Segregated Recreation in Arlington
Throughout the decades of the late-nineteenth and early-twentieth centuries housing, recreation, and indeed life generally became increasingly segregated across the county, state, and South. Lots of racially restrictive laws and customs centered on socialization because many feared that interactions across the color line were a threat to the kind of social, political, and cultural life which some white leaders wanted to impose. This resulted in segregated recreational facilities where white facilities were sponsored by public and private institutions, and Arlington’s organized black community created institutions for themselves. These segregated facilities remained in place through de jure and de facto measures through the 1960s.
One of Arlington’s earliest formally segregated recreation spaces was Luna Park. Opened in 1906, Luna Park was an amusement park which featured water rides, side shows, and animal acts.
In response to a lack of services provided by public and private entities, Arlington’s black communities and institutions provided their own youth and family activities. They sponsored sports activities at community parks like Peyton Field, an active athletics venue for black residents in Nauck (formerly Green Valley). Here residents played sports like baseball. Baseball was so popular that Nauck became home to the semi-professional Black Sox African American baseball team who toured throughout the east coast. These social and cultural developments helped to insulate the community from negative outside influences during the era of segregation.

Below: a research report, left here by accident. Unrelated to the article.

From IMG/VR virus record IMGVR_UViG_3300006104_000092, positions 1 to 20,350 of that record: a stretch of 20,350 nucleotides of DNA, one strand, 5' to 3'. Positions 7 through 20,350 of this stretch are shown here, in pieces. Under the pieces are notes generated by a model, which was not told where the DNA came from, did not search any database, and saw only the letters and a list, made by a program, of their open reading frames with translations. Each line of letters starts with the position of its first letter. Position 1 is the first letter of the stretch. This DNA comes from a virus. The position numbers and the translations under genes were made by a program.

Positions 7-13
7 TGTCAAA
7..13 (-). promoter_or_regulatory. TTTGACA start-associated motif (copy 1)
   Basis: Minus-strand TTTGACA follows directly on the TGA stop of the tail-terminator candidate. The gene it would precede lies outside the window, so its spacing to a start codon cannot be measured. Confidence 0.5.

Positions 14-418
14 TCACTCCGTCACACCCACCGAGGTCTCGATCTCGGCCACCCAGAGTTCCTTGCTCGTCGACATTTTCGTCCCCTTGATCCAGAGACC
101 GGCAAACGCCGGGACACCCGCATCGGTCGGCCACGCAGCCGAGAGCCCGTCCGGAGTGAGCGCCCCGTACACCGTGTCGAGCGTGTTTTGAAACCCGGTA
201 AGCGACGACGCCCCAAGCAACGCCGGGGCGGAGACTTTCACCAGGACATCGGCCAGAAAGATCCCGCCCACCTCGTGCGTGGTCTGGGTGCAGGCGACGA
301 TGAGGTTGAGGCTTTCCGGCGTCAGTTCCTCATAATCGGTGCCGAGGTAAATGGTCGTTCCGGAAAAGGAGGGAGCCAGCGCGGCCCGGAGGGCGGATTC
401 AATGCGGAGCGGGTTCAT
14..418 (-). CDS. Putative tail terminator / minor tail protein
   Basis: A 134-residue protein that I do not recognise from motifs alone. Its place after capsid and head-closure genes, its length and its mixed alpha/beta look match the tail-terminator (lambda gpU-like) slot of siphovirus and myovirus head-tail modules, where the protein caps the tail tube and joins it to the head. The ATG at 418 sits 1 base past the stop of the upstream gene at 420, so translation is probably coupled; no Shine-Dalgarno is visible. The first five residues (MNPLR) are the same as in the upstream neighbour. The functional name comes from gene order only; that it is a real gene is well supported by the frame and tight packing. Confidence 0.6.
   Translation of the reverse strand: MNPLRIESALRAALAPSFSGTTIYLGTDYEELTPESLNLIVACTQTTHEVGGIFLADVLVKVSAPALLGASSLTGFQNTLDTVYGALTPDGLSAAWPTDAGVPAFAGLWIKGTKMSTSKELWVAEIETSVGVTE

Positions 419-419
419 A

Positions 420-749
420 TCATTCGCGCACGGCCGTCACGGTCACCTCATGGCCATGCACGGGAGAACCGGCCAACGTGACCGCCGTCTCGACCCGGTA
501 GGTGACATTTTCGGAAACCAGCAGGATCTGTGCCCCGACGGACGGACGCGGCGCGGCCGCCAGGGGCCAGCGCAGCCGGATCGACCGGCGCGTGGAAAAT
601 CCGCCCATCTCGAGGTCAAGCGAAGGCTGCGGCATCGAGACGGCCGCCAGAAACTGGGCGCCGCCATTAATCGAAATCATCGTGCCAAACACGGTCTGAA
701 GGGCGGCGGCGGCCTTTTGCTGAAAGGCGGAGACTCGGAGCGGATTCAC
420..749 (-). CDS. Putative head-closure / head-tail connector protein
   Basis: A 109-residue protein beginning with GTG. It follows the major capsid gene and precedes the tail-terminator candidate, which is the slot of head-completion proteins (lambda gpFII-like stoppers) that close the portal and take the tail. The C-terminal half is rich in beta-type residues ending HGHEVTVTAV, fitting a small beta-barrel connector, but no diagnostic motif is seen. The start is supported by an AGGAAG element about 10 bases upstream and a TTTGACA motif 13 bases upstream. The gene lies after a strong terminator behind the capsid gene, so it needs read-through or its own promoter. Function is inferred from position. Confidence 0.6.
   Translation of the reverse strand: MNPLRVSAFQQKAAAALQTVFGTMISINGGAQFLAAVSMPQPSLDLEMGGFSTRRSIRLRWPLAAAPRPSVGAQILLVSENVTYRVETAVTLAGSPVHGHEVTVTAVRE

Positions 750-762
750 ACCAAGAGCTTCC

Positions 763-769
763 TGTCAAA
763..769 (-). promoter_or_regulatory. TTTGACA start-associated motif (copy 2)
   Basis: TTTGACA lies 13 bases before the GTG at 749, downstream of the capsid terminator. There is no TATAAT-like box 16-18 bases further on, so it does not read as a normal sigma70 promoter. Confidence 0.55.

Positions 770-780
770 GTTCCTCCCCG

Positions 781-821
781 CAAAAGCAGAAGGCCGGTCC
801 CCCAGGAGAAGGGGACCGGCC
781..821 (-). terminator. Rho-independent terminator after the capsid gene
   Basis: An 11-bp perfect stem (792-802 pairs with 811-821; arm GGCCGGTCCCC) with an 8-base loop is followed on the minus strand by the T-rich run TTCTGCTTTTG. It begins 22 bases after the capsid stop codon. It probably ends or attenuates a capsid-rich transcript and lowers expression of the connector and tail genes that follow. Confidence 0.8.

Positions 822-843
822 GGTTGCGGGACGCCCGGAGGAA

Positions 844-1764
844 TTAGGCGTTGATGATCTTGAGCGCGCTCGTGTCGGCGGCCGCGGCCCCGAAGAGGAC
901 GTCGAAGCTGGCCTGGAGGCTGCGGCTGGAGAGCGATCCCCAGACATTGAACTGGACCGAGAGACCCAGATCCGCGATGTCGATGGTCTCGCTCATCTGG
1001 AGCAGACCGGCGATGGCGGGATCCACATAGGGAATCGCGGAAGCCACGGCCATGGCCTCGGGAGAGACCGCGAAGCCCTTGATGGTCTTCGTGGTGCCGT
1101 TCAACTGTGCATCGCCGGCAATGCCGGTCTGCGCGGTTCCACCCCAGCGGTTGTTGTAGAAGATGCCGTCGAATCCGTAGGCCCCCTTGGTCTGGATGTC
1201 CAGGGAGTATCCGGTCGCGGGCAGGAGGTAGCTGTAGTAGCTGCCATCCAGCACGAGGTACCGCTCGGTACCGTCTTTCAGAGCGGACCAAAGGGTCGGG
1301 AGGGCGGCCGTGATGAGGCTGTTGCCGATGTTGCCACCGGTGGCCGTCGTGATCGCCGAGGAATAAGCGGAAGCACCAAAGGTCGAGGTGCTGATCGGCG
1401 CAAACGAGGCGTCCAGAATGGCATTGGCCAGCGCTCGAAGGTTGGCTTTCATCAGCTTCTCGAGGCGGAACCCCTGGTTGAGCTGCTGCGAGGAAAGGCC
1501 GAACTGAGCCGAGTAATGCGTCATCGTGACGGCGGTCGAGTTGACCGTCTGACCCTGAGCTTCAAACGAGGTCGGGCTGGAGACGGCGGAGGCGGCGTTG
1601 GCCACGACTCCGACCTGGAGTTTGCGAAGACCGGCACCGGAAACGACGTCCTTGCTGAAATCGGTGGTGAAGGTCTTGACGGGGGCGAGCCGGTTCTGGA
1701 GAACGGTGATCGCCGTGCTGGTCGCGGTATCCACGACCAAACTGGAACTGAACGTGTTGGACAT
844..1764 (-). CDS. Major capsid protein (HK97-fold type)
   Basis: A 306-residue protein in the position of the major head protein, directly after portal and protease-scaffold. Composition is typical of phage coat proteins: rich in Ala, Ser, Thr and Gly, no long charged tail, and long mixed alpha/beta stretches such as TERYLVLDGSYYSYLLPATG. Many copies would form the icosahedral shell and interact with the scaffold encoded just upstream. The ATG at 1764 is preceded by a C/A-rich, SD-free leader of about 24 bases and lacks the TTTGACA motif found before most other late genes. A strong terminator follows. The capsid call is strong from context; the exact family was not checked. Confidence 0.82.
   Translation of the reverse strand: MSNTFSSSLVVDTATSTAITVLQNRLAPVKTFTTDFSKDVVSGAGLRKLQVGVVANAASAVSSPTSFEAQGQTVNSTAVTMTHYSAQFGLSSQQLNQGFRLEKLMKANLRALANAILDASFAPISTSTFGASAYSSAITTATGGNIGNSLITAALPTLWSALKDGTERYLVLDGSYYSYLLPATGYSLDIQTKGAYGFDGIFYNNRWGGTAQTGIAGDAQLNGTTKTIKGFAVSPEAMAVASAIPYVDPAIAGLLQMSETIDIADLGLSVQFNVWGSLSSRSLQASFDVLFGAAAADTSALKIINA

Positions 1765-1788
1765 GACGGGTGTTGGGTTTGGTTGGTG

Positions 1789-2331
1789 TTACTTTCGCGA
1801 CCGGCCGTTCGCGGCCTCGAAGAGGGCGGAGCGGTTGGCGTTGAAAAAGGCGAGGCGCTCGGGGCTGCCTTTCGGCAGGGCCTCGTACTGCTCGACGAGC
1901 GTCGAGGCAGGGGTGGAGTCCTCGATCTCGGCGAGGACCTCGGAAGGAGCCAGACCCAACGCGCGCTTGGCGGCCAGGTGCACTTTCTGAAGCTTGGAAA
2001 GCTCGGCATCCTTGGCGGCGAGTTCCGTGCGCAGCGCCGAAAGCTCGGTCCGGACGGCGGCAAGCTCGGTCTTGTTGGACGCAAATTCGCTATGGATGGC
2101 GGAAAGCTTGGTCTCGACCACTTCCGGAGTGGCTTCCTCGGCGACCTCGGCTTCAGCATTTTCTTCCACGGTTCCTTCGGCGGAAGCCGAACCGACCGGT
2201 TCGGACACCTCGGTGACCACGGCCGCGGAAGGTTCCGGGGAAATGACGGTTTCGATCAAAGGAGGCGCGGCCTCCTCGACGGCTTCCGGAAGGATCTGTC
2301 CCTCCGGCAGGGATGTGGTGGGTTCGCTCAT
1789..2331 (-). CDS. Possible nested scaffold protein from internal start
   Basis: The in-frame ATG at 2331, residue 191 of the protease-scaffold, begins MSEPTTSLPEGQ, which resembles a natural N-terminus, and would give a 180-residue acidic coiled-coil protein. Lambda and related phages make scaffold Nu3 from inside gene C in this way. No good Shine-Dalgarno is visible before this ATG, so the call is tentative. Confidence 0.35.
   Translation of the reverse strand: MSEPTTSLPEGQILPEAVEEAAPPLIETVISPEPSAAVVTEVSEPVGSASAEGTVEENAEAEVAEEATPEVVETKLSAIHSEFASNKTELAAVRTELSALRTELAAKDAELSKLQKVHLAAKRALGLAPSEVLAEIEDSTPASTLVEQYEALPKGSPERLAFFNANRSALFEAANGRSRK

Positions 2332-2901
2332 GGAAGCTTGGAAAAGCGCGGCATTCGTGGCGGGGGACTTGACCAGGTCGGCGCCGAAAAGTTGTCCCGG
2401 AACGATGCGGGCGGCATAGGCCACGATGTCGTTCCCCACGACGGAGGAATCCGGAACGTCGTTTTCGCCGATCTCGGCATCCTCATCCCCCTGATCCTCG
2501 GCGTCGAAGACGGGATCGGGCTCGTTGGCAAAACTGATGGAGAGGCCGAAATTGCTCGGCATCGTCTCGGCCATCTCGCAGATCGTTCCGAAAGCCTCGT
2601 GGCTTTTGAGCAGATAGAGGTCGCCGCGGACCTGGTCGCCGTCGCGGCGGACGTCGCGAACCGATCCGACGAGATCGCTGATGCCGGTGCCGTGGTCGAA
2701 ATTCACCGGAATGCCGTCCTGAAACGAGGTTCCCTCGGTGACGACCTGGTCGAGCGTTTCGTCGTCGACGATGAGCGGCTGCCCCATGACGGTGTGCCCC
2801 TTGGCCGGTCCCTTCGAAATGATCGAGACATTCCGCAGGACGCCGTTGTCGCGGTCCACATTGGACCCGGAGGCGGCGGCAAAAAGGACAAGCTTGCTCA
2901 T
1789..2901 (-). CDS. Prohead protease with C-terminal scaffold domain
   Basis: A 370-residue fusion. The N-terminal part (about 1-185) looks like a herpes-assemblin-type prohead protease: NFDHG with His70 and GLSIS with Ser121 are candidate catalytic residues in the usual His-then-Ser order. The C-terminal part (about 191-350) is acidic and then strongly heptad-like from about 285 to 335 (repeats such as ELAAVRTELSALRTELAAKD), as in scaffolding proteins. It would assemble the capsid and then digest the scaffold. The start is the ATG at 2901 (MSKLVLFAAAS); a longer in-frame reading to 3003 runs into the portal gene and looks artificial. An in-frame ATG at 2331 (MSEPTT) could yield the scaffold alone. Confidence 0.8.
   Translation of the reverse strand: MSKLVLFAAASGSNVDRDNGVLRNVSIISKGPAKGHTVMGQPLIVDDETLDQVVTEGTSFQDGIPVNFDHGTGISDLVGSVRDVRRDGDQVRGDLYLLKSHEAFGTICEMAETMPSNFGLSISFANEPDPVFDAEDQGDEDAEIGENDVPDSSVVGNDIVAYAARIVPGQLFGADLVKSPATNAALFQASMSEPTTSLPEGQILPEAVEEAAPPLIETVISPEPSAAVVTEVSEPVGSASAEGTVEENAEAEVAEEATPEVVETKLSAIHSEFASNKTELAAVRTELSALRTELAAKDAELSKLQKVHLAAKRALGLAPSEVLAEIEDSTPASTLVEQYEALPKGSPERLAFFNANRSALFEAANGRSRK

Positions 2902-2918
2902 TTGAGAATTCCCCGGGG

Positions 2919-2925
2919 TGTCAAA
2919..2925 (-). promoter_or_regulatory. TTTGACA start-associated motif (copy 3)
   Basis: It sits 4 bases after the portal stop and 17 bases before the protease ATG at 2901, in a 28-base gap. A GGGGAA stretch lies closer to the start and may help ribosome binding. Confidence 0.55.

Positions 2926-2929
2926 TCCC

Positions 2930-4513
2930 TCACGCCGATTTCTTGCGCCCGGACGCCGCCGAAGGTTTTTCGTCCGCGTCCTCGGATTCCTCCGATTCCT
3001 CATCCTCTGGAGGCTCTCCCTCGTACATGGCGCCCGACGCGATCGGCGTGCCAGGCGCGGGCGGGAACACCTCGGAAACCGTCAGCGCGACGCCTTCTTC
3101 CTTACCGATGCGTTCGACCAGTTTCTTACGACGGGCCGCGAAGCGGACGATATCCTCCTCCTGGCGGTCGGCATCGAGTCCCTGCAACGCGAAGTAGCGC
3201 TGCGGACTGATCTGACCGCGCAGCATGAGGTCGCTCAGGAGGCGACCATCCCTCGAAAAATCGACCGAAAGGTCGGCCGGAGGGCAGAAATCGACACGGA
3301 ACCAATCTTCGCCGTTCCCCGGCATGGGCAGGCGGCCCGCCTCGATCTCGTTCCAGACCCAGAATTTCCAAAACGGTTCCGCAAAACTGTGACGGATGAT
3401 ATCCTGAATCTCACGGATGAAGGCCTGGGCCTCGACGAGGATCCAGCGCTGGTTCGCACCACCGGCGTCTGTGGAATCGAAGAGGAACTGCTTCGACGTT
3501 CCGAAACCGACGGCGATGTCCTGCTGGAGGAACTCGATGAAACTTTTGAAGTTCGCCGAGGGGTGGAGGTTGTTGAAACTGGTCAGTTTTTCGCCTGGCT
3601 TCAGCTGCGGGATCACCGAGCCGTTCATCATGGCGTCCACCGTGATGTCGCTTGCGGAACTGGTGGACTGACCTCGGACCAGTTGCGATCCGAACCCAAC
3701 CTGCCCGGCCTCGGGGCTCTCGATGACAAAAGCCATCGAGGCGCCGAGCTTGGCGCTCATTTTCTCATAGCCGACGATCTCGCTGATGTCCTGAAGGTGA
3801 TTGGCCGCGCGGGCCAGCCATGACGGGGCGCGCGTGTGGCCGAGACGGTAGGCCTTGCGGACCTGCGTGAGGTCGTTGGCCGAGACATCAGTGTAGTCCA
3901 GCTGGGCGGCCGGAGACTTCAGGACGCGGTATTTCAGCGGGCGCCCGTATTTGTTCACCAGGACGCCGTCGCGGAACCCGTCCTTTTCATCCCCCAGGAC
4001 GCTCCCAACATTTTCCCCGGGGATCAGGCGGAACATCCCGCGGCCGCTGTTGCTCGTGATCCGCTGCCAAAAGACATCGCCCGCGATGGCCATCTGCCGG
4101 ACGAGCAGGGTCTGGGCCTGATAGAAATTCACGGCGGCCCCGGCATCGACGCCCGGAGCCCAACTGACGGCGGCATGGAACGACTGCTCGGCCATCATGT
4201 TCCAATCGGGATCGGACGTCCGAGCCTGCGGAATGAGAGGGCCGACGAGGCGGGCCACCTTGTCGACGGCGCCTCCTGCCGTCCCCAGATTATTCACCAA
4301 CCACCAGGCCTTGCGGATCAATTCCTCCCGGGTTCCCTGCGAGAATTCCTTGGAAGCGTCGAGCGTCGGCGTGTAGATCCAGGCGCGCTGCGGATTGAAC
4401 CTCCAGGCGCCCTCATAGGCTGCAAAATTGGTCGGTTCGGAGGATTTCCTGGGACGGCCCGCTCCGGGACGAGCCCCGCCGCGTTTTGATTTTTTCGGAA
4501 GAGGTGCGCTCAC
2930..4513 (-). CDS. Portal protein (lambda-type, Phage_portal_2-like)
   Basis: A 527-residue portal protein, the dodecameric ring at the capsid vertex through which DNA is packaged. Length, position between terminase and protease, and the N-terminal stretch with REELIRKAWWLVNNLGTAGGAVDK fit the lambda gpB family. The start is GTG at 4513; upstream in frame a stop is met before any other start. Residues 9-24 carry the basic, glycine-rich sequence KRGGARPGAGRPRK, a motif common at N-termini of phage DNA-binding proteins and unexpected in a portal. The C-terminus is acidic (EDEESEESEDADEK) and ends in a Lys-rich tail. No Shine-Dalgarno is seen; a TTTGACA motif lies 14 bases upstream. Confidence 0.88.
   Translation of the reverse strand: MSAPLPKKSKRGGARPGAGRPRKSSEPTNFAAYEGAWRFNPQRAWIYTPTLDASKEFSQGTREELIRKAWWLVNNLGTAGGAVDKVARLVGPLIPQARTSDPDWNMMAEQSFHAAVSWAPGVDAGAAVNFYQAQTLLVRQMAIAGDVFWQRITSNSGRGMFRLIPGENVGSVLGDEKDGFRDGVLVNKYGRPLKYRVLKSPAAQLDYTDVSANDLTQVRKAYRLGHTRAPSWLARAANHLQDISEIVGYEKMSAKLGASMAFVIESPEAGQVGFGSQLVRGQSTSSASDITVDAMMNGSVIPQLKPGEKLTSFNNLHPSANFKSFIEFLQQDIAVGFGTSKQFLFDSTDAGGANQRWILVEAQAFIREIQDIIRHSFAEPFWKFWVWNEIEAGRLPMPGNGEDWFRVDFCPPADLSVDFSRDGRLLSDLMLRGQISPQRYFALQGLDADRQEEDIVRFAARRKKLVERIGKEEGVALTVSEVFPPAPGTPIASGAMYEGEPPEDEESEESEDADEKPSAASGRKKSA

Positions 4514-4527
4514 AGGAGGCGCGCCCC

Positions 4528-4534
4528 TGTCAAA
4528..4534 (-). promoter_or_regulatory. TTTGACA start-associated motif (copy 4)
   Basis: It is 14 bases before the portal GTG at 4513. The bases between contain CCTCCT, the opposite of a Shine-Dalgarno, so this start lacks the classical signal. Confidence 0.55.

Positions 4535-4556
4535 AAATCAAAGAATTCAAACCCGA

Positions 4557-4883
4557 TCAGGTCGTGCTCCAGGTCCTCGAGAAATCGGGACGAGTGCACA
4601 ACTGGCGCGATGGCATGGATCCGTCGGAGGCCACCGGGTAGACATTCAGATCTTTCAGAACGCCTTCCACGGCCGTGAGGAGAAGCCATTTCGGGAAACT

In the 1920s Arlington had a Bathing Beach along the Potomac River which featured swimming, concessions, canoes, and a ferris wheel. In the 1920s and 1930s swimming facilities became popular across the United States. But almost all of these facilities were whites only spaces, as was the case for Arlington’s Bathing Beach.
Because the Bathing Beach was segregated African American children had to create their own place to swim. County resident James "Jimmy" E. Taylor recalled that black children swam in a "creek out on Route 50... called 'Blue Man Junction.'" Though both Blue Man Junction and the Bathing Beach had guests swim in natural waters, rather than man-made pools, the Bathing Beach for white guests was far safer because it was a formal swimming area with a lifeguard.
While white youths in Arlington had access to swimming facilities since the 1920s, in the 1960s Arlington’s black children still did not have access to swimming pools. Cultural organizations gave black residents access to services and social activities that would not be available to them within the white community. In 1949 black residents opened the Veteran’s Memorial Branch YMCA to provide social and recreational activities for Arlington’s black youth. Through active fundraising campaigns the YMCA opened a swimming pool, the county’s first pool open to black children in the mid-1960s so that they could finally have access to a safe swimming space.